RICHMOND, Va. (WWBT) - As soon as U.S. officials announced temporarily halting injections of the Johnson & Johnson vaccine, there was a sudden firestorm on social media - some mocking the company, others touting that they chose Pfizer or Moderna instead.
“Our goal is still to have all Virginians have at least their first dose by the end of May,” Gov. Ralph Northam said.
Even the Governor and First Lady took the Johnson & Johnson shot in mid-march.
He reminded Virginians that there are only six cases being investigated of the more than 6.8 million doses that have been given - the huge majority with no or mild side effects.
“We’ll be awaiting the guidance from the FDA and CDC regarding J&J. Hopefully this is just a small setback that we will overcome,” Northam said.
What community advocates don’t want is for the probe into Johnson and Johnson to prevent others from getting a shot.
“This is our shot for us to be able to move forward and come out of this pandemic,” Gaylene Kanoyton said.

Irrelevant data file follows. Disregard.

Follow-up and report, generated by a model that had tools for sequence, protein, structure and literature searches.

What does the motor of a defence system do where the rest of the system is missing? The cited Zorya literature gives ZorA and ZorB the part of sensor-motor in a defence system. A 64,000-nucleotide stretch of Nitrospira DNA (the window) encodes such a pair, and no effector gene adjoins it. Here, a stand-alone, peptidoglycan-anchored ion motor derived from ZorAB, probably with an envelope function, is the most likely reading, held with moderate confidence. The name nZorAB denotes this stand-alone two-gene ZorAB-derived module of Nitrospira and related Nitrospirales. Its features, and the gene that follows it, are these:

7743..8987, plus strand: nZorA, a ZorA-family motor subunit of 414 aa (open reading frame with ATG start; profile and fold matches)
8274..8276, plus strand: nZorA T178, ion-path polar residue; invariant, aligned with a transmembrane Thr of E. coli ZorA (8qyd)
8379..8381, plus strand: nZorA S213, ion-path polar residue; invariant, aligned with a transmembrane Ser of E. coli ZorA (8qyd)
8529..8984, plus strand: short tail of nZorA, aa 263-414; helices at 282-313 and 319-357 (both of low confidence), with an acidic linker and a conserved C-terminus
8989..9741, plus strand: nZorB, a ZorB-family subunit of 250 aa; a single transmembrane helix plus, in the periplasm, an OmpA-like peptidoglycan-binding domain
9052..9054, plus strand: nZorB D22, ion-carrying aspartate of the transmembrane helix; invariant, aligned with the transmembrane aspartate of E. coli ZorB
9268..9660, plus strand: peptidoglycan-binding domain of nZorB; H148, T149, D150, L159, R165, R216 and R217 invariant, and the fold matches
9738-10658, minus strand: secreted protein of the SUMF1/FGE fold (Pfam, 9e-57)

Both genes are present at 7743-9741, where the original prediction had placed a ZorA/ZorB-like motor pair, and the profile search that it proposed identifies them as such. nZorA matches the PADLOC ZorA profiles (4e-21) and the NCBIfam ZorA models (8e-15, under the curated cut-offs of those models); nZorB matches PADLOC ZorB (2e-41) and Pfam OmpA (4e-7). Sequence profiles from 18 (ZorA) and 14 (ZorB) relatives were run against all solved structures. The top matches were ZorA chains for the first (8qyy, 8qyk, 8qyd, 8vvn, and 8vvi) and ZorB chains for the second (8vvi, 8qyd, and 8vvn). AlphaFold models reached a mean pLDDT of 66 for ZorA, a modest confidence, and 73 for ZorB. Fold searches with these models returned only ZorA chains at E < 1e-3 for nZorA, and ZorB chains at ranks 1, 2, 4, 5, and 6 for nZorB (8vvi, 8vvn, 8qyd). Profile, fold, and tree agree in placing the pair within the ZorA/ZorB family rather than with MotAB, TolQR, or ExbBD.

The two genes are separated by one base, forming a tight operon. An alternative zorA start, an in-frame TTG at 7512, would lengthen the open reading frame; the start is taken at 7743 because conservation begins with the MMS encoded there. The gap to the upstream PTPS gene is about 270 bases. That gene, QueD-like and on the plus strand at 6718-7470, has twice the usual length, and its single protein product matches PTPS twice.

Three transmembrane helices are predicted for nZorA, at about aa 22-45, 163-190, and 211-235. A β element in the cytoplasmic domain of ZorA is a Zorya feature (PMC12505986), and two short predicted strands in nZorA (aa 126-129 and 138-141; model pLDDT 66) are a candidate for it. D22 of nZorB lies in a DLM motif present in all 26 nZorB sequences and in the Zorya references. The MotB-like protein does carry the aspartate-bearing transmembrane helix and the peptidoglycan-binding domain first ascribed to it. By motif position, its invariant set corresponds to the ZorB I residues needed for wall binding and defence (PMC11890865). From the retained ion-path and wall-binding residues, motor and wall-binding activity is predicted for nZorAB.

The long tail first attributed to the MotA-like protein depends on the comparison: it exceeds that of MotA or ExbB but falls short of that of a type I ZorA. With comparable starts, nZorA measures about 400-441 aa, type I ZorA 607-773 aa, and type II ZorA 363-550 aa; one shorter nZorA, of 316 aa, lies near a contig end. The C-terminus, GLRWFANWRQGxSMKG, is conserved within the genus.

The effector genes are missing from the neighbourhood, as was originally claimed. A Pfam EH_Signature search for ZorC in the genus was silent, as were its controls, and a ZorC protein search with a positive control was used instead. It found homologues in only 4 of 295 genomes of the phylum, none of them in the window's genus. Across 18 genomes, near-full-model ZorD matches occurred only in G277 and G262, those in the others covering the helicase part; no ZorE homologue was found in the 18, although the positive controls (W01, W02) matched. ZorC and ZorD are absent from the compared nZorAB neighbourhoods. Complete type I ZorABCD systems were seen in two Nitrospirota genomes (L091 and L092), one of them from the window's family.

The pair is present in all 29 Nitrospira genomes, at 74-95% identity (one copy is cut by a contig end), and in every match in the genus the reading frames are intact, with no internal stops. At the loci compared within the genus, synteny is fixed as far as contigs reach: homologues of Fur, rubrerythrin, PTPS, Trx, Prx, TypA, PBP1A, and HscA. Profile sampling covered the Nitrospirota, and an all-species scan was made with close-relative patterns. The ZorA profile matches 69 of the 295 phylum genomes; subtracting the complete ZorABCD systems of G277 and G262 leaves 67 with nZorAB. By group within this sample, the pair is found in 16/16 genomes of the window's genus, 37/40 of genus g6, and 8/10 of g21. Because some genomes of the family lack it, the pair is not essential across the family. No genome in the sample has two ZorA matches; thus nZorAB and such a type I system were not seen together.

This means so much to her because she lost her mother to COVID-19 last June. Now, she’s fighting to get people vaccinated.
“To ensure others will not get to where she is right now, and die from it. Whatever I can take to educate people,” Kanoyton said.
She’s working with groups in Virginia who are now hitting the streets telling people to get a shot, especially since there are two other options still available.
“Hire people to go knock on doors, do outreach on the importance of getting the vaccine...millions of people have taken both these vaccines,” Kanoyton said.
In just five days, Northam says anyone who wants a shot will be able to get one.
The pay for those door-to-door outreach jobs is $20 an hour up to 25 hours a week. For more information, click here.
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